Advances including better nutrition, antiviral medications and vaccines are preventing the rapid spread of the illness.
But many anticancer and antiviral drugs are toxic to marrow.
Surveillance systems and antiviral treatments will help contain a disease, but they cannot halt it the way a vaccine could.
One way to slow its spread is to treat infected birds with amantadine, an antiviral drug meant for humans.
Better vaccines and antiviral drugs, they argue, would be vital to protect people if an outbreak were to occur.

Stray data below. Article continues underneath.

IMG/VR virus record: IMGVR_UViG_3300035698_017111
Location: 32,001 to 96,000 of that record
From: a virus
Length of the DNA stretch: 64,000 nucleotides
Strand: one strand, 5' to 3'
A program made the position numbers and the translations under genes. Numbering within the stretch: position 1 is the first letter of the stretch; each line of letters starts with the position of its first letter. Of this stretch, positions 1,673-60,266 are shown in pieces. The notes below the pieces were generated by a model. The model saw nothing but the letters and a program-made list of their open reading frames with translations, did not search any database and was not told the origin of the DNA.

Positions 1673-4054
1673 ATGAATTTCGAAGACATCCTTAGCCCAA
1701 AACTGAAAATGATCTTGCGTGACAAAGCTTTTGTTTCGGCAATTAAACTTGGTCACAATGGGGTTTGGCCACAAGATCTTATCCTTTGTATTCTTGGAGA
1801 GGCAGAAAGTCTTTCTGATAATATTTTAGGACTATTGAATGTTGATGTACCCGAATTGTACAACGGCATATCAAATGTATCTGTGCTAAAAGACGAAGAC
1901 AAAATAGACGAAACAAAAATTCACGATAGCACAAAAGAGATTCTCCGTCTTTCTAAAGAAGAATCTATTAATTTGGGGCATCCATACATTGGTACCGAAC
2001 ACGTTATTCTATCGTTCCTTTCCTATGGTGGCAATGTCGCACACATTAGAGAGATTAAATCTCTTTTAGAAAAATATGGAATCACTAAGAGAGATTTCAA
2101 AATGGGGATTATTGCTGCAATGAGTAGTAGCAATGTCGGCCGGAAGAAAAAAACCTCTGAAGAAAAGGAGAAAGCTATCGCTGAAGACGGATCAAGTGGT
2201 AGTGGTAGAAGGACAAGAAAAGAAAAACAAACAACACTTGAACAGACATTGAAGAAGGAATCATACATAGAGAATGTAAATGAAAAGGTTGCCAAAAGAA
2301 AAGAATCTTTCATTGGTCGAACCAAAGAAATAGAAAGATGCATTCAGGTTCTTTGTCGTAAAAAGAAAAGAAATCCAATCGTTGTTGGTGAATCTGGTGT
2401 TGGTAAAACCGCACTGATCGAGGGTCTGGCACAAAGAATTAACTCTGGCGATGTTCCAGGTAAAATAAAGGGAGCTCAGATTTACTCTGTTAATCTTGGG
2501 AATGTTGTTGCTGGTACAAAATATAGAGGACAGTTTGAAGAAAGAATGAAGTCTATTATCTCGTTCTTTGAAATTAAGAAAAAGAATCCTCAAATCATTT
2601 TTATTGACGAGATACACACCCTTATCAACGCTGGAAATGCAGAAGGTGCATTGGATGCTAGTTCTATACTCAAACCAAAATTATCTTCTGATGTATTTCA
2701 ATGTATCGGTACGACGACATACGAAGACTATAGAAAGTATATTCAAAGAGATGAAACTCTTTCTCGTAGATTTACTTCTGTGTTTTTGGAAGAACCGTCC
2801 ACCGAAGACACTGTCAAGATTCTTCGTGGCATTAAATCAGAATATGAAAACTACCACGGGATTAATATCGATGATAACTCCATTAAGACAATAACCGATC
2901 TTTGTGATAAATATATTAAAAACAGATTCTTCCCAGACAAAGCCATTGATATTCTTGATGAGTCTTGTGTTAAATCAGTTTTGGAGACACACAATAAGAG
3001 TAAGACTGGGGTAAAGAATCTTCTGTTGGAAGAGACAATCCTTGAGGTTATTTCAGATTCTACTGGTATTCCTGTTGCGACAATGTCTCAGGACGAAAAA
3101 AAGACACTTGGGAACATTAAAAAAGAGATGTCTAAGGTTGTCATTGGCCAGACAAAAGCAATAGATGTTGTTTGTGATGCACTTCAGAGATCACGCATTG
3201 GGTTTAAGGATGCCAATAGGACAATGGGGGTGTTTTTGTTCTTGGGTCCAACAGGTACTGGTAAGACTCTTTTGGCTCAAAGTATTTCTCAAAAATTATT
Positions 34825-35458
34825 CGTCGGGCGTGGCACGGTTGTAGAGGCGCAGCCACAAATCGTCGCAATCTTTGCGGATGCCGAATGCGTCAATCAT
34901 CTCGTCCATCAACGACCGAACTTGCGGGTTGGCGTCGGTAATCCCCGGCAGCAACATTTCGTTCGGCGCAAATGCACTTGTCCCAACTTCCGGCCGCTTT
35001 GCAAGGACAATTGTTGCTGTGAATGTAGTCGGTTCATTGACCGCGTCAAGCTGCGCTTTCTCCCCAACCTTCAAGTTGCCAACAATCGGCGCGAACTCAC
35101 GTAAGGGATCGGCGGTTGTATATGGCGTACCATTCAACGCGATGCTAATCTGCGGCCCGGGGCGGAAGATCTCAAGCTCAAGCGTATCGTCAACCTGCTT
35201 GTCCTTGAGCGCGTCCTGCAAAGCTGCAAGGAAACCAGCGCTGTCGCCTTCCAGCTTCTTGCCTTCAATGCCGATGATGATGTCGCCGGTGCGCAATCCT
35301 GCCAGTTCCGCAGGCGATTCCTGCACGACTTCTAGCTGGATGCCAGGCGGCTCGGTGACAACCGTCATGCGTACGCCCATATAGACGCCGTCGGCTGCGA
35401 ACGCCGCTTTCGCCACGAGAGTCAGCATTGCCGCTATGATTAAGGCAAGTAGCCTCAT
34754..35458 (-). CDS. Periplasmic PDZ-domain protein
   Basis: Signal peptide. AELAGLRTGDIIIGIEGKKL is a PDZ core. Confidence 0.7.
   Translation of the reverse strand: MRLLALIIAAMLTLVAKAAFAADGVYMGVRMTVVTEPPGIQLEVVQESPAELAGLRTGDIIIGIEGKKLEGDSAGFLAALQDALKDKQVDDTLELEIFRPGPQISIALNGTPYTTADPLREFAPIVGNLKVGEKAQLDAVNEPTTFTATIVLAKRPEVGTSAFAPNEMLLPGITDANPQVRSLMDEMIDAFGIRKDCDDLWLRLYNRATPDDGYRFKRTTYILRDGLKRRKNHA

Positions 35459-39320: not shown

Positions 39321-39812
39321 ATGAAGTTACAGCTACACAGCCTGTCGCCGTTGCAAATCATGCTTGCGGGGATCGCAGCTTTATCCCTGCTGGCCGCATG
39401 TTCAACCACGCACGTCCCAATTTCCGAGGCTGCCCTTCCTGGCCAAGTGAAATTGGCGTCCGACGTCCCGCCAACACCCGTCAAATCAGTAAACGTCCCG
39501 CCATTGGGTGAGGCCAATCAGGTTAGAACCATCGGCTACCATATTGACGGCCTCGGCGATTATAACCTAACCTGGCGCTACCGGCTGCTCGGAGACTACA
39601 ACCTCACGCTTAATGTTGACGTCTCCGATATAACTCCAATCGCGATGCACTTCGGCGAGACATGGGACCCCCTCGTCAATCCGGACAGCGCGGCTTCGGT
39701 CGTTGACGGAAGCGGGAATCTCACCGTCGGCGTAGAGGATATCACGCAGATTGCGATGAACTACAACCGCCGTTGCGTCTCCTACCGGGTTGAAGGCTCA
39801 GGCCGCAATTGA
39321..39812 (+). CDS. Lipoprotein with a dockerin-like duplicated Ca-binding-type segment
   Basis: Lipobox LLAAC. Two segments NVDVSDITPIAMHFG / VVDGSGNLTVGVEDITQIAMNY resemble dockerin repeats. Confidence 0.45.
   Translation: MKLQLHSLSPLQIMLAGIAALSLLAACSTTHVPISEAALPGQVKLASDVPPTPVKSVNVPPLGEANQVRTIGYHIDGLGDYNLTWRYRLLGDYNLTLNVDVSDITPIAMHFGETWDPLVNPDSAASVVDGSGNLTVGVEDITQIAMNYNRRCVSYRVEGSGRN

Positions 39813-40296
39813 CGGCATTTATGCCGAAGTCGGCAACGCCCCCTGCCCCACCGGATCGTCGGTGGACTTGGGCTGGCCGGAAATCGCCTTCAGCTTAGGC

In the meantime, there are antiviral medicines for treatment of the symptoms, provided the condition is caught early enough.
The antiviral era is upon us, with an array of virus-fighting drugs on the market and in development.
But stimulating their sparse natural production remains a hurdle in developing an antiviral therapy.
Because the antiviral effect of the chimaera lasts only about a week, patients would need to have regular injections.
The antiviral immune response, however, is not yet on par with that seen in humans.